The Core Curriculum at Bar-Ilan University is designed to give students the skills and intellectual perspective necessary to succeed, and provide a balanced academic perspective beyond your major.

What’s in the Core?

Judaic Studies

Since its inception, Bar-Ilan University has been committed to providing every Jewish student with basic knowledge of Judaism via a unique Judaic Studies core curriculum. It is our belief that familiarity with Jewish values and culture is the key to fostering Jewish unity, and commitment to the Jewish people and to the land of Israel.

In order to graduate from the Bar-Ilan University International B.A. Program, students must take fourteen (10) Judaic studies courses over the course of their degree.

Hundreds of courses

Taught by distinguished academicians and religious scholars alike, the Helene and Paul Shulman Center for Basic Jewish Studies offers hundreds of courses focused on Jewish history, the Bible and Talmud, Jewish art, Hebrew and Semitic Languages, and more. Teachers and Rabbis from a variety of different perspectives impart fundamental Jewish knowledge to religious and secular alike, in an atmosphere of mutual respect and intellectual inquiry.

Narrowing the gap

BIU narrows the gap between religious and secular Israelis and Jewish International students by giving them a common language, the language of Jewish tradition. The Center for Basic Jewish Studies presents these students – many secular, immigrant, or simply craving basic Jewish knowledge – with what may be their first and last chance at Jewish literacy. As Israel’s sole religious university, Bar-Ilan is the only university to do so.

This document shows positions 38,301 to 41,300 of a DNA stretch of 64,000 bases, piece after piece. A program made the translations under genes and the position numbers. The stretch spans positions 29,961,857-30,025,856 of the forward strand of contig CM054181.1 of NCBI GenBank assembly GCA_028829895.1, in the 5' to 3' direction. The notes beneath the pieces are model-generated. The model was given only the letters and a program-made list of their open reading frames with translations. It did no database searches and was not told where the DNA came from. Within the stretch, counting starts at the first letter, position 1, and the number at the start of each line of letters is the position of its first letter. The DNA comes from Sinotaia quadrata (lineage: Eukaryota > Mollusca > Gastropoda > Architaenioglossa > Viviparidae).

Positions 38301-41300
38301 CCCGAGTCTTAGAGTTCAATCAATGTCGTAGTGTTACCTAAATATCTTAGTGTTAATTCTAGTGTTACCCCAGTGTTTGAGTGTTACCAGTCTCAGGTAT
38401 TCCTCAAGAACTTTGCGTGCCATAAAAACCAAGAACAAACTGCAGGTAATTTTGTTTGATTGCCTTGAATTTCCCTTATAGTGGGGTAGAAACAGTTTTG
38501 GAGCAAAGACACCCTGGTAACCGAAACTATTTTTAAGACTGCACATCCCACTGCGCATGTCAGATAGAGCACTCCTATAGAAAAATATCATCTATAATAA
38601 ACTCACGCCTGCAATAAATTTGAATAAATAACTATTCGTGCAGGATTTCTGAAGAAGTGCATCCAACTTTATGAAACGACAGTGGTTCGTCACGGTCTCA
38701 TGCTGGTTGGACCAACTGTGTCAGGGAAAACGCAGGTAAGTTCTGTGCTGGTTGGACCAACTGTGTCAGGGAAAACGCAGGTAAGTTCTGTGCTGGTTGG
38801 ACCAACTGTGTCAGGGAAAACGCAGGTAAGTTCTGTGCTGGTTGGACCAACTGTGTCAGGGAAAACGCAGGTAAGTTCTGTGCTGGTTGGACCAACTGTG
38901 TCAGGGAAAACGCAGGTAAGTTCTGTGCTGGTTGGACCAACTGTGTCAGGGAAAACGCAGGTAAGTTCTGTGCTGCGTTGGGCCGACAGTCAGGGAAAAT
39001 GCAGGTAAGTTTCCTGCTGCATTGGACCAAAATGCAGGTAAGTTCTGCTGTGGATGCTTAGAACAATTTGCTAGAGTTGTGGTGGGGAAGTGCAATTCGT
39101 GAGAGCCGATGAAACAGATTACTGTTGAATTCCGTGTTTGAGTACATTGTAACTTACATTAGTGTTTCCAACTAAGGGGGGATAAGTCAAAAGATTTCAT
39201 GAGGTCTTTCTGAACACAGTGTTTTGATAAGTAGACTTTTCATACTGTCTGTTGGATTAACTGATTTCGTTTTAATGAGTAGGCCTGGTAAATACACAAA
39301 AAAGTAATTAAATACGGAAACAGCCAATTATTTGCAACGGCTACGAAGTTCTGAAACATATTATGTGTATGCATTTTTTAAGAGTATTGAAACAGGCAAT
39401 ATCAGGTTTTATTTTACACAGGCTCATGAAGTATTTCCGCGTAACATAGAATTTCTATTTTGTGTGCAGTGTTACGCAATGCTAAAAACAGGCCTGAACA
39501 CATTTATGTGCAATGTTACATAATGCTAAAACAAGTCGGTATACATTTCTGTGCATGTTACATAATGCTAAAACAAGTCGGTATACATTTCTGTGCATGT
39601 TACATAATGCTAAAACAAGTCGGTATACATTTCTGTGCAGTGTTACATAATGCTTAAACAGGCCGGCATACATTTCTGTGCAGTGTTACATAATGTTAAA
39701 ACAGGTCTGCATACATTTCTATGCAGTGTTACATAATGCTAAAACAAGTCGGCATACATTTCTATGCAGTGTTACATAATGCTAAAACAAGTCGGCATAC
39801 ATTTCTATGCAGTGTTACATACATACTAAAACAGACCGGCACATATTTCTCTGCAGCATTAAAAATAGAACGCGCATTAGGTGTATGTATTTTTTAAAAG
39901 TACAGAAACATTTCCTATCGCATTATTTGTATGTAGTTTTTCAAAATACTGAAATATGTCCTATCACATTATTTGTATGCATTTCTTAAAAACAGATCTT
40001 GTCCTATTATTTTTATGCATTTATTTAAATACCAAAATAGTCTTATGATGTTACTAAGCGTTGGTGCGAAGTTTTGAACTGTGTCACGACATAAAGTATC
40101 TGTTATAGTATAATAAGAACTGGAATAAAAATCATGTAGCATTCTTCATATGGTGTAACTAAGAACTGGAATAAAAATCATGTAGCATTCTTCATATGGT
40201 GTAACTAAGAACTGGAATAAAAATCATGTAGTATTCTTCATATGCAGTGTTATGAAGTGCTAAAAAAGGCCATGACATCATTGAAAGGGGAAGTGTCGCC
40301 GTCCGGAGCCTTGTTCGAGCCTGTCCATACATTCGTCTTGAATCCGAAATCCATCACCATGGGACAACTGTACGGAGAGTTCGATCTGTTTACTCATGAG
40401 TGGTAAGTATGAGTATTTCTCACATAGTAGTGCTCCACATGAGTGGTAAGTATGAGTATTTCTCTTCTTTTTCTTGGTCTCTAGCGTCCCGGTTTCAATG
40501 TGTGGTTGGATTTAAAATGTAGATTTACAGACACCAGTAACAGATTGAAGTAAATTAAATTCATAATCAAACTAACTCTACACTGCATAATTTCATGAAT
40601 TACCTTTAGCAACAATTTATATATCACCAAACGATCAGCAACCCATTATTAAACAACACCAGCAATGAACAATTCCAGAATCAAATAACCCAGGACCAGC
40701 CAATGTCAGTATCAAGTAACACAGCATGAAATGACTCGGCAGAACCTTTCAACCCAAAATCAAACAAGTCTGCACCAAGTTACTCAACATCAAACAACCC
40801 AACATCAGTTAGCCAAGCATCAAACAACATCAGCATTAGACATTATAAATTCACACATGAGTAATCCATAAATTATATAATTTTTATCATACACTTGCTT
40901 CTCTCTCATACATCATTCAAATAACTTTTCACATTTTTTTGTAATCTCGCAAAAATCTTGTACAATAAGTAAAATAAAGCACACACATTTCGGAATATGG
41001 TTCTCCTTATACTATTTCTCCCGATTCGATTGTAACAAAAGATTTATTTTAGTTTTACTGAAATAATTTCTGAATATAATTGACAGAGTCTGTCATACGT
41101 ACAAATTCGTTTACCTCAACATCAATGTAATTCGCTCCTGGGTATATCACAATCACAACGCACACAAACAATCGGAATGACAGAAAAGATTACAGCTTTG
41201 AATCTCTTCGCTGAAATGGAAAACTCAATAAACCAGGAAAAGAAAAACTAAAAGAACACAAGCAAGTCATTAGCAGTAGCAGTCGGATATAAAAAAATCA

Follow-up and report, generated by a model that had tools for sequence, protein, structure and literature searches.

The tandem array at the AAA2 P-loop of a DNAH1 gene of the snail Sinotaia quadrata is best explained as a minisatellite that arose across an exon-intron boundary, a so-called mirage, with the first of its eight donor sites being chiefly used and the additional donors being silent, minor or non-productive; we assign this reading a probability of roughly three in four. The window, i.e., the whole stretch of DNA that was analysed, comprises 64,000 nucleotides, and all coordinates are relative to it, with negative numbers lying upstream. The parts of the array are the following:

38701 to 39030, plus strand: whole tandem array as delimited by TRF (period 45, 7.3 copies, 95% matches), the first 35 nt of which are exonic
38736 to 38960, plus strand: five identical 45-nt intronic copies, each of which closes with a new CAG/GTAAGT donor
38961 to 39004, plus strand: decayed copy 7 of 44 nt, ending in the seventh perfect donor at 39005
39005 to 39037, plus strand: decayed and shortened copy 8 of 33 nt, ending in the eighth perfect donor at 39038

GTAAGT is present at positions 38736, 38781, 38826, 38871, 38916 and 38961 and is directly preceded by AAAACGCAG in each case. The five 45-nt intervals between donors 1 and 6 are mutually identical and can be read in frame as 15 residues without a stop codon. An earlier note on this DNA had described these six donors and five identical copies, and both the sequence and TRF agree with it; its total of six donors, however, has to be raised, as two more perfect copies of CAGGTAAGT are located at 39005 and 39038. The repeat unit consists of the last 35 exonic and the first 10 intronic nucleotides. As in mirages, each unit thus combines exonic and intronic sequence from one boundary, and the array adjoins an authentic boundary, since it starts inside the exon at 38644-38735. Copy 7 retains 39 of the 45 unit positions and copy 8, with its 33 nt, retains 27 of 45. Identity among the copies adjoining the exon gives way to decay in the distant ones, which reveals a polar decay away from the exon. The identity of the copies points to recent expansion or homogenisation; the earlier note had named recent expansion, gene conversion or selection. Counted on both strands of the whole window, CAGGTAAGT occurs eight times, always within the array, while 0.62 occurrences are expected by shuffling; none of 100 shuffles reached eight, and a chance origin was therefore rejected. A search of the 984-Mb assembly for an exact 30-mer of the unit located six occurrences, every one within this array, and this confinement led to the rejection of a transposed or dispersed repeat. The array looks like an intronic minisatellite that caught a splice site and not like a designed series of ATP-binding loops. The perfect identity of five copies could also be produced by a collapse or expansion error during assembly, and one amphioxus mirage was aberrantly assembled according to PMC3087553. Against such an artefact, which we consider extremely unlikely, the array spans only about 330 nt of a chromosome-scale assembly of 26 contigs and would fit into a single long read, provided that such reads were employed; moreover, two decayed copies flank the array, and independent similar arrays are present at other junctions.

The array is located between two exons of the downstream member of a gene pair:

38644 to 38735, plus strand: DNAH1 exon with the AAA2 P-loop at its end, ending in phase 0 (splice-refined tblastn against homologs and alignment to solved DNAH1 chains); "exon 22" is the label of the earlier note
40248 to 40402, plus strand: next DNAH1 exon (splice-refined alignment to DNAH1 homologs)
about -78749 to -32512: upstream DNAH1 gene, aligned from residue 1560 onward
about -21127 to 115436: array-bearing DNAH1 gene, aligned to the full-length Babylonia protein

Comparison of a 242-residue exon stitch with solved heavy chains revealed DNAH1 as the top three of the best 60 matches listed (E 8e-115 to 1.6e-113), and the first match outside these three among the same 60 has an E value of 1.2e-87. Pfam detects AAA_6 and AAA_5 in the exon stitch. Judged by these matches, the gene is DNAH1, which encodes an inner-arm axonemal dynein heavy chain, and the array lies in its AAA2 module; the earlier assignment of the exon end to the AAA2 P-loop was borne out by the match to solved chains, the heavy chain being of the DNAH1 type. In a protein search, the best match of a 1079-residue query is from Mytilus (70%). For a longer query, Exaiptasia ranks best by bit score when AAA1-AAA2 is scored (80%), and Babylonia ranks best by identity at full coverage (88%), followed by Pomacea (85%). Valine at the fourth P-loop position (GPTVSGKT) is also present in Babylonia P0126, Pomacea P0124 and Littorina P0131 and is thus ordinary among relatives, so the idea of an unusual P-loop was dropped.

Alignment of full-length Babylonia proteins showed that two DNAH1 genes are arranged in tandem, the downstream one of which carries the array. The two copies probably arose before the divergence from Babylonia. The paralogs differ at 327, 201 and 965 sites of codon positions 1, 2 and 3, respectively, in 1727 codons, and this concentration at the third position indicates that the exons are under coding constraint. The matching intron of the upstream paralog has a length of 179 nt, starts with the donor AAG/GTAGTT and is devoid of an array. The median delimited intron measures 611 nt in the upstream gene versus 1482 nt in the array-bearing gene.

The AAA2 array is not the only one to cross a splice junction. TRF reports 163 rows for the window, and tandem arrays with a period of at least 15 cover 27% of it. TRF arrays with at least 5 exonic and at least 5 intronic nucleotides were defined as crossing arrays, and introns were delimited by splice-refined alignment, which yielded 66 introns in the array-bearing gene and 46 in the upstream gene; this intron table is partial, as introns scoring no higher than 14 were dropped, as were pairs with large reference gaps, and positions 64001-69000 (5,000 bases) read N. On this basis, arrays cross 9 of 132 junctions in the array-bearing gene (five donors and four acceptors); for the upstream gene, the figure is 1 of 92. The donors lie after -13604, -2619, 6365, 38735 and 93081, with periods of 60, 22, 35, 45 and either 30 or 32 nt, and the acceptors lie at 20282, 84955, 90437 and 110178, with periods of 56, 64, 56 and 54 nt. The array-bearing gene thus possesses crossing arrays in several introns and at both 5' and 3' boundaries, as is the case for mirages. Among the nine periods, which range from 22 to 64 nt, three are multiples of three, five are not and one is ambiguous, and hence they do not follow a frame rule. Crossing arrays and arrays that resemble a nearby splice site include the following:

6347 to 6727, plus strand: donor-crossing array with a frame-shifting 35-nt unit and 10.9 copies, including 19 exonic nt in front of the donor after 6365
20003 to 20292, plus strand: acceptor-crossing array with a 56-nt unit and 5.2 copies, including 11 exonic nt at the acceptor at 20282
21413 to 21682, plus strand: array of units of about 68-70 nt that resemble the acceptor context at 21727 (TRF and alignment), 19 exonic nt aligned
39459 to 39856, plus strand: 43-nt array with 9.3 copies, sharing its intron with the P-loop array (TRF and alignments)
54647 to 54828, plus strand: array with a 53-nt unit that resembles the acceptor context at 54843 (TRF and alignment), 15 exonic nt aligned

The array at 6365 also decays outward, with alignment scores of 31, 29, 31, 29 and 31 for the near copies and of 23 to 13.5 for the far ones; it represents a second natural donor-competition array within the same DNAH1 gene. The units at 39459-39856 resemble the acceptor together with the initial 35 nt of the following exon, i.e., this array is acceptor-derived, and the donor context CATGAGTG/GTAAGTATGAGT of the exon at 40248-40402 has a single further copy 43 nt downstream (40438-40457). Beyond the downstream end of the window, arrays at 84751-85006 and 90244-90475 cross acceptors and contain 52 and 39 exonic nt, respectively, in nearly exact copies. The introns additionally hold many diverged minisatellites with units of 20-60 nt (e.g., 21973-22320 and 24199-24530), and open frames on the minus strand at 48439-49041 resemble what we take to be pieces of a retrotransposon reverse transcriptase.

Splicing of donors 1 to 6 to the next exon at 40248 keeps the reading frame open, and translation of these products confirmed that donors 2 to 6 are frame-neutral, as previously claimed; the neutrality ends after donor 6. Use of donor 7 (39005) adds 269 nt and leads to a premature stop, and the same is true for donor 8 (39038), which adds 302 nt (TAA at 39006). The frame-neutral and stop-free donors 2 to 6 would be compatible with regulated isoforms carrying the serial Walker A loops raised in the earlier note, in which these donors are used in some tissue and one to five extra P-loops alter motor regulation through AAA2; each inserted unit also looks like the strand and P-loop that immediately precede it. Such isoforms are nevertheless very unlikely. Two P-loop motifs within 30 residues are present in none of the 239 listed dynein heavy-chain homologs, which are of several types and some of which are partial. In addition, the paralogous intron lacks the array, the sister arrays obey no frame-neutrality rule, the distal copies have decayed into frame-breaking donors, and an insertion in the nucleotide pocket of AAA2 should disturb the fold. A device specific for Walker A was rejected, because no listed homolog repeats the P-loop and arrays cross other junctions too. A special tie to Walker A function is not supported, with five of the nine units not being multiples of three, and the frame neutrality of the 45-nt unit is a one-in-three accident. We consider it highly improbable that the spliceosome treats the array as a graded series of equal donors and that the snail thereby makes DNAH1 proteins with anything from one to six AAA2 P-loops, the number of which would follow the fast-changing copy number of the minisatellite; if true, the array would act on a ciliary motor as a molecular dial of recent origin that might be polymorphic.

Advanced Torah Studies

BIU students can enroll in the Jesselson Institute for Advanced Torah Studies Bet Midrash for men or Midrahsa for women to further their Judaic studies in more religious environment. Taught by a renowned staff of Talmedei Chachamim and Torah scholars, students choose between beginner and advanced tracks of study, depending on their religious background and knowledge. Jesselson Institute for Advanced Torah Studies participants are also eligible for needs-based, partial scholarships.

Ulpan – Hebrew Language Studies

Learning Hebrew is a critical part of the integration process into Israeli society.  Through Hebrew-language Ulpan studies, students learn about and experience Israeli society, politics, and culture, while at the same time building the necessary language skills for success in both academia and the workforce.

Bar-Ilan offers six levels of Ulpan. Although all courses in the International B.A. Program are offered in English, and knowledge of Hebrew has no impact on admissions, students are required to take Hebrew-Language courses (Ulpan) until they reach a level four or five based on their competence at entry. While students are not required to take Ulpan through BIU, it is highly recommended.  Students who choose to take Ulpan at an alternative institution will be required to take an exemption test before they graduate.

More Than A Language